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Meet Marisa: Q&A from the field

Posted on April 9, 2018

Marisa out on masa

We chatted with Marisa to learn more about her passion for wilderness, what it means to be a field therapist and to get a glimpse of field life.

Let’s start with a short introduction.

Hi, I am Marisa Horn and I am the Field Therapist here at BaMidbar. I grew up in Metro Detroit and lived in Michigan until about a year ago when I moved to Wisconsin to work as a Field Instructor at a wilderness therapy program. I have always loved the mountains and am thrilled to have relocated to the west side of the country.

What motivated you to seek a career in social work?

I ask myself this question a lot and I have yet to find a specific moment when I became interested in social work. It was something I wanted to do for as long as I can remember. For me, social work is an opportunity to help other people and provide support for people who may not have access to resources otherwise.

Why wilderness based therapy programs?

I first began looking in to wilderness therapy programs after a professor had suggested it to me during grad school. I was thrilled about the idea of being able to spend the majority of my days moving around outside. Once I looked into it even more, I realized how special this type of work is. It gives me a chance to move away from typical talk therapy and to do therapy as moments arise. As the field therapist, I have the unique opportunity to spend two weeks straight with our students. I get to see the students during their best moments and during some of their worst. On masa, I get a chance to work through some of the more nitty gritty stuff our students came to BaMidbar to work on as the situations happen. Additionally, our students use a variety of primitive skills to survive out in the field. Working on these skills with our students gives me the opportunity to understand the students’ mindsets and see how they work through challenging situations. I can then help the students generalize these experiences and find ways to connect them to their day-to-day life outside of BaMidbar.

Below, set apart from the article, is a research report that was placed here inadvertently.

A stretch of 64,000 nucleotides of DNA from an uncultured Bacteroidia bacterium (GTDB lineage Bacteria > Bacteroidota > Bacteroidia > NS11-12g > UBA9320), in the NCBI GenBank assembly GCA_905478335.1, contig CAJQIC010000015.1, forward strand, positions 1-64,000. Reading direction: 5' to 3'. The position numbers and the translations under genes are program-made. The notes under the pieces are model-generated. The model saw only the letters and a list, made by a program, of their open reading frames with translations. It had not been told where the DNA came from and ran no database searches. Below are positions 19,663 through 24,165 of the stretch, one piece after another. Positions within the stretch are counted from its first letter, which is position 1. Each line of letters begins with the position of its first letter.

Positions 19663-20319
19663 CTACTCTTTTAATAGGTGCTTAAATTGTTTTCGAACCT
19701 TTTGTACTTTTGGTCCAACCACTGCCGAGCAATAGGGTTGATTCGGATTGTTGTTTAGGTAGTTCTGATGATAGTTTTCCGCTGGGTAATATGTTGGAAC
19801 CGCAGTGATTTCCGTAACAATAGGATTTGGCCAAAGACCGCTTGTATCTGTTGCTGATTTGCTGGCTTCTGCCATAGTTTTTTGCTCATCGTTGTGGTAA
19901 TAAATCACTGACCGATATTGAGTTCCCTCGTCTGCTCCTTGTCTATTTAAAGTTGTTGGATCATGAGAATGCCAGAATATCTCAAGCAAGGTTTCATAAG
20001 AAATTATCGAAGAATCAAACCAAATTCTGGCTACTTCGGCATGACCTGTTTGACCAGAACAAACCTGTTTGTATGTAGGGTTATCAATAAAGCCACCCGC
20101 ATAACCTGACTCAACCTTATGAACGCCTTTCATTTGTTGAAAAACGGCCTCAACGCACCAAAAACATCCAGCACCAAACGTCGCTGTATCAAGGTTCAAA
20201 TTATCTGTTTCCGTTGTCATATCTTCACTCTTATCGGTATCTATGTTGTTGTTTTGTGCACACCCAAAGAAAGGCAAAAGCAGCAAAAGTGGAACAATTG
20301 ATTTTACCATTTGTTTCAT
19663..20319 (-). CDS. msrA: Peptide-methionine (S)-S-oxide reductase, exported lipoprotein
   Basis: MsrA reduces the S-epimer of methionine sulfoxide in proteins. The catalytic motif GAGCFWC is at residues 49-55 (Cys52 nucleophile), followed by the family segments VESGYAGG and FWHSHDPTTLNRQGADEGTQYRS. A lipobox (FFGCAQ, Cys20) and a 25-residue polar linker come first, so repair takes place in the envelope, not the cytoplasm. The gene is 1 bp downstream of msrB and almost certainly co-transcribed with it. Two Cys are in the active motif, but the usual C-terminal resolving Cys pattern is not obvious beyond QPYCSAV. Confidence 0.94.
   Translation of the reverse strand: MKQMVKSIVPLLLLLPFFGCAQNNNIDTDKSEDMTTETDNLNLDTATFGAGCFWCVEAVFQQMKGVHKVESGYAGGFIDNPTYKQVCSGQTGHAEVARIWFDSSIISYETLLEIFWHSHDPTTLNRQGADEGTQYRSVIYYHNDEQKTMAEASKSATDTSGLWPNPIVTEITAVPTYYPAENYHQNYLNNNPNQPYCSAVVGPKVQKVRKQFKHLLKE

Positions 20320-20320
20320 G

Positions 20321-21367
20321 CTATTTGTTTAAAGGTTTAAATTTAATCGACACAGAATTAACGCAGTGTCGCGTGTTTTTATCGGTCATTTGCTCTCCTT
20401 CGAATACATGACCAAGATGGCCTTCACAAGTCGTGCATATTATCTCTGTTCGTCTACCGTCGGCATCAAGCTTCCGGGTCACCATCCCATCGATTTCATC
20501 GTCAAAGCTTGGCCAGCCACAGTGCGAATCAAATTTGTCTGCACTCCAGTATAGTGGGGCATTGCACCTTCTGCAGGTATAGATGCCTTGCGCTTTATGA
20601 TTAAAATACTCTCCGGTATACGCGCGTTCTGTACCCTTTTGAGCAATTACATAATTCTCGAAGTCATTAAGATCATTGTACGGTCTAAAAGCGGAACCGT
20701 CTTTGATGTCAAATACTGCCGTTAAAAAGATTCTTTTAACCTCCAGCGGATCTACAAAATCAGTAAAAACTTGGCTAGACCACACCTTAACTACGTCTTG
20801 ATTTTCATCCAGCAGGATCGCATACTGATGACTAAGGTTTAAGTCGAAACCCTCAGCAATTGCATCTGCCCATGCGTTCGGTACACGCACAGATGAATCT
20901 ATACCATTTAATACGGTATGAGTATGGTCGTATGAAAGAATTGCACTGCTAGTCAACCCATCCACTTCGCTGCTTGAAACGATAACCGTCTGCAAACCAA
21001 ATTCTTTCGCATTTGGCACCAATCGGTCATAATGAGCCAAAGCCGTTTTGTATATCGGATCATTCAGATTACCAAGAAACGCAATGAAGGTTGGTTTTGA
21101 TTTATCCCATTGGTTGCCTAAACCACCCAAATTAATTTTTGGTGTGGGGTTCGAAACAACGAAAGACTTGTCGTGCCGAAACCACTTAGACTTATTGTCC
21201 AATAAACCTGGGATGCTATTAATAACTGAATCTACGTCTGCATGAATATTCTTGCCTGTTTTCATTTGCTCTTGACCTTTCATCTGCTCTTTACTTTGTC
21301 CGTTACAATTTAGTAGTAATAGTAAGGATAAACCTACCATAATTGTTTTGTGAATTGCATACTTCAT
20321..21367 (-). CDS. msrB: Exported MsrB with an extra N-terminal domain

What drew you to work at BaMidbar?

About two years ago, one of my friends who is very involved in the Jewish nonprofit world received an email about BaMidbar and forwarded it to me. At the time, I had been looking in to a variety of different wilderness therapy programs throughout the country and I was thrilled to find a place where I could combine my love for the outdoors, passion for therapy, and Jewish identity.

What does your typical day at BaMidbar look like?